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  19. Oh well done! They are just wonderful now. I love the addition of that metal bit so arms can be added. you have the best imagination!

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    1. Thank You Very Much Catherine! :D
      It was a personal challenge for me to see if I could do something different, which I hadn't tried before.
      And although this kit has been around for quite a long time, I don't recall assembling the Chrysnbon dress form kit prior these.

      Which means that now I can cross this off of my mini Bucket List! ;D

      elizabeth

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  20. These turned out exquisite! I have a couple of these and I will have to try something like this. Great photographs too. Thanks for the dose of inspiration. Keep up the good work - Troy

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    1. Thank You Very Much Troy! :D
      I AM pretty proud of this troop of dummies, but what makes me feel even Happier is when you tell me that you might try this out too! ♡
      Even thought this involves a number of painting step and plenty of sanding, the assembly line approach moved the process along quite quickly, especially since everything dries and/or sets up really fast.
      So I hope that you have as much fun making yours, as I did in making mine :D

      elizabeth

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    2. Oh! I nearly forgot to say Thank You Troy for your compliment re: the photos, because setting up the shots and seeing the different results, is for me- the extra cherry on top! :D

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  21. Hi, Elizabeth - I love the leathery vintage look of these dress forms; it's hard to believe that they were originally plastic (and a bit melted, at that!) I can't get enough of reading about your amazing aging techniques and the widely varied assortment of materials that you use to work your miraculous transformations. The metal arm pieces, along with the numbers and initials, add the crowning touches to the dress forms - and also add a bit of history to the mix. Such an interesting post!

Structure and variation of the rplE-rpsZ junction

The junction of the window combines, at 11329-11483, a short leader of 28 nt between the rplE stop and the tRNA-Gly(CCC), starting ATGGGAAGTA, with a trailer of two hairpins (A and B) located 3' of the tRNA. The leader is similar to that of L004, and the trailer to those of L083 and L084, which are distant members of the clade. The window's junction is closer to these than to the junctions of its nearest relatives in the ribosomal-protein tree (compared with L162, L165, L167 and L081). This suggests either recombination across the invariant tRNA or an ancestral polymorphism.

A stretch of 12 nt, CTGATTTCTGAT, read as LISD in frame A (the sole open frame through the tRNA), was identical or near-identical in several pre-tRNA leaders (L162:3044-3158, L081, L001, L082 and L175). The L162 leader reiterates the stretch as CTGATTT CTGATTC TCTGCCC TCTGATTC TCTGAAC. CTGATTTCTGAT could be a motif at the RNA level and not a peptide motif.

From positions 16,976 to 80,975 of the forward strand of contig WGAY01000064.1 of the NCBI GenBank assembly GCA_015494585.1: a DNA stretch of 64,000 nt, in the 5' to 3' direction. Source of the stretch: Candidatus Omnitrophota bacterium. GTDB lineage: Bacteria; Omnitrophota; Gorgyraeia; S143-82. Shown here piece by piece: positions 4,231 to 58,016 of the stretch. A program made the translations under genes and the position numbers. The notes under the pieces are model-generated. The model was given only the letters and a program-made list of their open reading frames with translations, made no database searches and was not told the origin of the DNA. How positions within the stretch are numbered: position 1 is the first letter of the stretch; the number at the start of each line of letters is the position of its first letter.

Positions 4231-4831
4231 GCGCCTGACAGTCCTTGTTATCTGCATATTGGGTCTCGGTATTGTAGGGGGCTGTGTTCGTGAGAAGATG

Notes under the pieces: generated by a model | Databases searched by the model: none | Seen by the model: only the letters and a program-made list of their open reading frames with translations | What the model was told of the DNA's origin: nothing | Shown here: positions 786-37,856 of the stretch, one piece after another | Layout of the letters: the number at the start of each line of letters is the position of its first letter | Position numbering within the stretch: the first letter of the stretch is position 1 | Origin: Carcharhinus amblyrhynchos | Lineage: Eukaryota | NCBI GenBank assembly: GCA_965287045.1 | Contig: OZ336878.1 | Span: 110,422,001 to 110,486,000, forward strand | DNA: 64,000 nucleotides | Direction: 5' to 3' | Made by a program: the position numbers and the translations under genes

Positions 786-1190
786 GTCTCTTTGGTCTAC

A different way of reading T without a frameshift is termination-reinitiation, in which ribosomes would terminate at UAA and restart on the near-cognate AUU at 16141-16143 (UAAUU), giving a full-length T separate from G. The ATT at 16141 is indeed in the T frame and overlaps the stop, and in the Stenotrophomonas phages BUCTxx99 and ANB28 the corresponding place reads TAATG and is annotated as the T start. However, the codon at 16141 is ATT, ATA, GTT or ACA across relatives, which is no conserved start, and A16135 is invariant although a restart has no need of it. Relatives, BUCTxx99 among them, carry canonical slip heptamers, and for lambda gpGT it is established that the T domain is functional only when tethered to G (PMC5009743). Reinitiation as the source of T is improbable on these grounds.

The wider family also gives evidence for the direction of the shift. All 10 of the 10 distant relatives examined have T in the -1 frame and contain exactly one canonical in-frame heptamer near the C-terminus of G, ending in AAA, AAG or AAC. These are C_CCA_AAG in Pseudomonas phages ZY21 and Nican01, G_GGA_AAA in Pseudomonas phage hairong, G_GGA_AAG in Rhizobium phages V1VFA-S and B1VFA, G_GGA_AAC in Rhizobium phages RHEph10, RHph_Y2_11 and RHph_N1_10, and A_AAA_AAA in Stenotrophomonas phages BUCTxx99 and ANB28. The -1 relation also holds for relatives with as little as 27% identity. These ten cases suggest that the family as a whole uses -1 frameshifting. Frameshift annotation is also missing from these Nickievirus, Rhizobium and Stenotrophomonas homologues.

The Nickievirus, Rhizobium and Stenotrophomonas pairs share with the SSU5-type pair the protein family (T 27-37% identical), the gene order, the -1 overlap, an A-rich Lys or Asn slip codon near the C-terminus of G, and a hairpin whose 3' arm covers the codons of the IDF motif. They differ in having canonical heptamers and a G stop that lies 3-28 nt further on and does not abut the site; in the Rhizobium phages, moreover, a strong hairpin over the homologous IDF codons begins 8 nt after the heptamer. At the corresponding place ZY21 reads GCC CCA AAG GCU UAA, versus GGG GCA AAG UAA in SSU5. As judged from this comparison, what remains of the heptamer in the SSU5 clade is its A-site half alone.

Marjorie

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    1. Thank You Marjorie for your Lovely Compliments! :D
      I know this may sound simplistic, but these only took 2 days to finish all five so all of the steps outlined, went really fast.
      Adding my initials was because of my ego, but the numbers were because I thought it made them look more interesting, as if they had originated in a warehouse at the turn of the century, so I am glad that you and Janine agree that they've " added history" ♡
      This was a Fun project to do and I might make a few more while I am at it- before I forget how I did it!
      Which by the way, is one of the reasons that i blog- so that [ I ] can remember ;D

      elizabeth

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  22. La transformación ha sido impresionante. Los corchetes todo un detalle!!!

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    1. Thank You Very Much Isabel!!! :D I am So Glad that you have enjoyed the transformations of these Chrysnbon dress forms.
      I LOVED layering the colors and I LOVED adding the extra arm attachment details, but what I LOVE most, is that they All turned out Better than I'd expected! ;D

      elizabeth

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  23. Great work Elizabeth! I adore the Chrysnbon kits, and all the different ways people finish them. These look particularly great and vintage, especially with the adjustment knobs added. I am going to try out your magical paint potion, maybe even tomorrow. On walls though! Enjoy your weekend. Xx S

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    1. Thank You Very Much Shannon! :D I haven't made up a Chrsynbon Kit for Ages and I don't remember ever assembling the dress-maker's dummy, however back in the 80's and 90's there were 2 booklets entitled CHRYSNBON CUT-UPS volumes 1 pub. 1982 by Boynton & Associates Inc. and volume ll 1992 published by Dee's Delights Inc. which showed how some of Judy Berman's kits could be radically modified into something quite different than what was pictured on the box covers.
      A couple of good examples of these radical modification are: turning the glass fronted china cabinet into a Victorian bed, and using a combination of the pieces from the Organ, Icebox and Kitchen hutch to make an authentic Victorian highboy dresser.
      Talk about thinking outside the box!....